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Corporations: Paid-in Capital and the Balance Sheet



ACCT 202 
Corporations: Paid-in 
Capital and the Balance Sheet

Chapter 13



Lecture Objectives  

  1. Identify the Characteristics of a Corporation
  2. Record the Issuance of Stock
  3. Prepare the Stockholders�� Equity Section of a Corporation Balance Sheet
  4. Account for Cash Dividends
  5. Use Different Stock Values in Decision Making
  6. Evaluate Return on Assets and Return on Stockholders�� Equity





  • separate legal entity
  • continuous life and transferability of ownership
  • no mutual agency
  • limited liability of stockholders
  • separation of ownership and management
  • corporate taxation
  • government regulation


Organizing a Corporation 

  • The process of creating a corporation begins when the organizers (incorporators) obtain a charter from the state.
  • The charter authorizes the corporation to issue stock and conduct business in accordance with state law and the corporation��s bylaws.


Organizing a Corporation 

  • Stockholders elect the board of directors.
  • The board sets policy, appoints the officers, and elects a chairperson.
  • The board also designates the president, who is the chief operating officer.


Authority Structure 
in a Corporation


Board of Directors 

Chairperson of the Board 


Various Vice-Presidents and Secretary 





Capital Stocks 

  • Corporate ownership is evidenced by a stock certificate which may be for any number of shares.
  • The total number of shares authorized is limited by charter.


Stockholders�� Equity 

Paid-in capital 

Retained earnings 

Owners�� equity in the corporation

has two components:



Stockholders�� Equity Example 

On June 1, the Bloom��s Corporation

issued stock valued at $10,000. 

June 1

Cash      10,000

      Common Stock     10,000

Issued stock



Stockholders�� Equity Example 

 Bloom��s Corporation net income

for the year was $800,000.  

December 31

Income Summary   800,000

      Retained Earnings      800,000

To close net income to Retained Earnings



Stockholders�� Rights 

  • The ownership of stock entitles stockholders to four basic rights, unless specific rights are withheld by agreement.
  • Vote
  • Dividends
  • Liquidation
  • Preemption


Classes of Stock 

  • Common stock is the most basic form of capital stock.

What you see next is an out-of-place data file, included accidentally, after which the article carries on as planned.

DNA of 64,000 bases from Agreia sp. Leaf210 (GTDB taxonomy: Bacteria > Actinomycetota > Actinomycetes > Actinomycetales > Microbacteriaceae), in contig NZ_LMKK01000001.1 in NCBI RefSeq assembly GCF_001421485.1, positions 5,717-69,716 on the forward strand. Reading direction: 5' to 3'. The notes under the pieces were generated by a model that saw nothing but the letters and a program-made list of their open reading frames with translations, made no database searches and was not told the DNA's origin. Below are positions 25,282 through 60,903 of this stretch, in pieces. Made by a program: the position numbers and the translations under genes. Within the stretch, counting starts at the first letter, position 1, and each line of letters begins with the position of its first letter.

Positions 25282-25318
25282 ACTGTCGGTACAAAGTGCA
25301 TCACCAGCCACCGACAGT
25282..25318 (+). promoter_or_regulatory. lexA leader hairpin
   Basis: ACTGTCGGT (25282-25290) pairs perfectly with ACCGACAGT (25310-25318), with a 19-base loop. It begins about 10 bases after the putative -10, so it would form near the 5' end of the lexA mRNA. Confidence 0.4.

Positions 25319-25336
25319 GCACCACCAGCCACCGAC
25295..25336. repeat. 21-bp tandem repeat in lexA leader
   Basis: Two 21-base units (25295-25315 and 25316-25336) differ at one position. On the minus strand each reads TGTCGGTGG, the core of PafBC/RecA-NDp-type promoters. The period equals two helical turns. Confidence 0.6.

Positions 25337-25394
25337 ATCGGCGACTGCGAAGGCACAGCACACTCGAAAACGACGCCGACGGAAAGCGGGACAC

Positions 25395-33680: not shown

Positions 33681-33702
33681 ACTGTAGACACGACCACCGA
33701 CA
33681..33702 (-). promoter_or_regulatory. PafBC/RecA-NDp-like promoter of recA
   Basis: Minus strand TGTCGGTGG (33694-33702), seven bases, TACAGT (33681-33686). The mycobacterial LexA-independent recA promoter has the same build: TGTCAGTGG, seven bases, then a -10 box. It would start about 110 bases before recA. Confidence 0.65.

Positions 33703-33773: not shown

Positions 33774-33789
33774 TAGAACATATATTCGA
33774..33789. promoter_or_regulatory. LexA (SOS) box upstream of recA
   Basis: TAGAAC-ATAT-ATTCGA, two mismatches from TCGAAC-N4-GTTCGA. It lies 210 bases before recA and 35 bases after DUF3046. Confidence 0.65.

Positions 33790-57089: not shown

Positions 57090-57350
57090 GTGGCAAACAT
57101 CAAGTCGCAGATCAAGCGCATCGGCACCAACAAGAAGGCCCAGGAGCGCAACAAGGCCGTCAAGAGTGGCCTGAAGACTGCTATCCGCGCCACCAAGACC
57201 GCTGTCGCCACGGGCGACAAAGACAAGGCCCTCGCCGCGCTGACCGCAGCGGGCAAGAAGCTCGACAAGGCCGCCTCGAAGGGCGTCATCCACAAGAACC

• Preferred stock gives its owners certain advantages over common stockholders.


Classes of Stock 

  • What is par value?
  • It is an arbitrary amount assigned to a share  of stock.
  • Most companies set the par value of their common stock quite low to avoid legal difficulties from issuing their stock below par.


Classes of Stock 

  • No-par stock does not have a par value.
  • Some have a stated value.
  • Stated value is an arbitrary value assigned to a share of common stock.
  • This is similar to par value.


O2: Issuing Stock Example 

  • On January 13, Martin Corporation, which manufactures skateboards, issues 10,000 shares of common stock for $10 per share.


Issuing Stock Example 

The shares were issued at par of $1. 

January 13

Cash (10,000 shares @ $1) 10,000

      Common Stock       10,000

Issue common stock at par



Issuing Stock Example 

The shares were issued at a premium

of $9 per share. 

January 13

Cash (10,000 shares @ $10)  100,000

      Common Stock        10,000

      Paid-in Capital in

      Excess of Par-common     90,000

Issue common stock at a premium



Issuing Stock Example 

The $1 stated value shares were

issued at a premium of $9 per share. 

January 13

Cash (10,000 shares @ $10)  100,000

      Common Stock        10,000

      Paid-in Capital in

      Excess of Stated Value         90,000

Issue common stock at a premium



Issuing Stock Example 

Assume the shares were no-par common stock. 

January 13

Cash (10,000 shares @ $10)  100,000

      Common Stock        100,000

Issue no-par common stock



Issuing Stock Example 

  • On September 11, Martin Corporation issued 15,000 shares of its $1 par common stock for a building worth $100,000.
  • What is the journal entry?


Issuing Stock Example 

September 11

Building        100,000

      Common Stock (15,000 @ $1)    15,000

      Paid-in Capital in Excess

      of Par-common ($100,000 – $15,000) 85,000

Issued common stock in exchange for a building



Issuing Preferred Stock 

  • Accounting for preferred stock follows the pattern illustrated for common stock.
  • Stockholders�� equity on the balance sheet lists preferred stock, common stock, and retained earnings – in that order.


Objective 3 

Prepare the Stockholders��

Equity Section of a

Corporation Balance Sheet



Paid-in Capital:

Preferred stock, 5%, $100 par,

5,000 authorized, 400 shares  issued    $40,000

Paid-in capital in excess of par–preferred     14,000

Total paid-in capital, preferred stockholders  $54,000  

Review of Accounting 
for Paid-In Capital

Stockholders�� Equity



Paid-in Capital:

Common Stock, $10 par, 20,000 shares

authorized, 4,500 issued       $  45,000

Paid-in capital in excess of par–common      72,000

Total paid-in capital        $171,000

Retained earnings             85,000

Total stockholders�� equity      $256,000 

Review of Accounting 
for Paid-In Capital

Stockholders�� Equity



Review of Accounting 
for Paid-In Capital

  • Paid-in capital and retained earnings represent the stockholders�� equity (ownership) in the assets of the corporation.
  • Paid-in capital comes from the corporation��s stockholders who invested in the company.
  • Retained earnings come from the corporation��s customers.


Review of Accounting 
for Paid-In Capital

  • Which is more permanent, paid-in capital  or retained earnings?
  • Paid-in capital is more permanent because corporations use their retained earnings for declaring dividends to the stockholders.


Dividend Dates 

  • A corporation must declare a dividend before paying it.
  • The board of directors alone has the authority to declare a dividend.


Dividend Dates 

Declaration date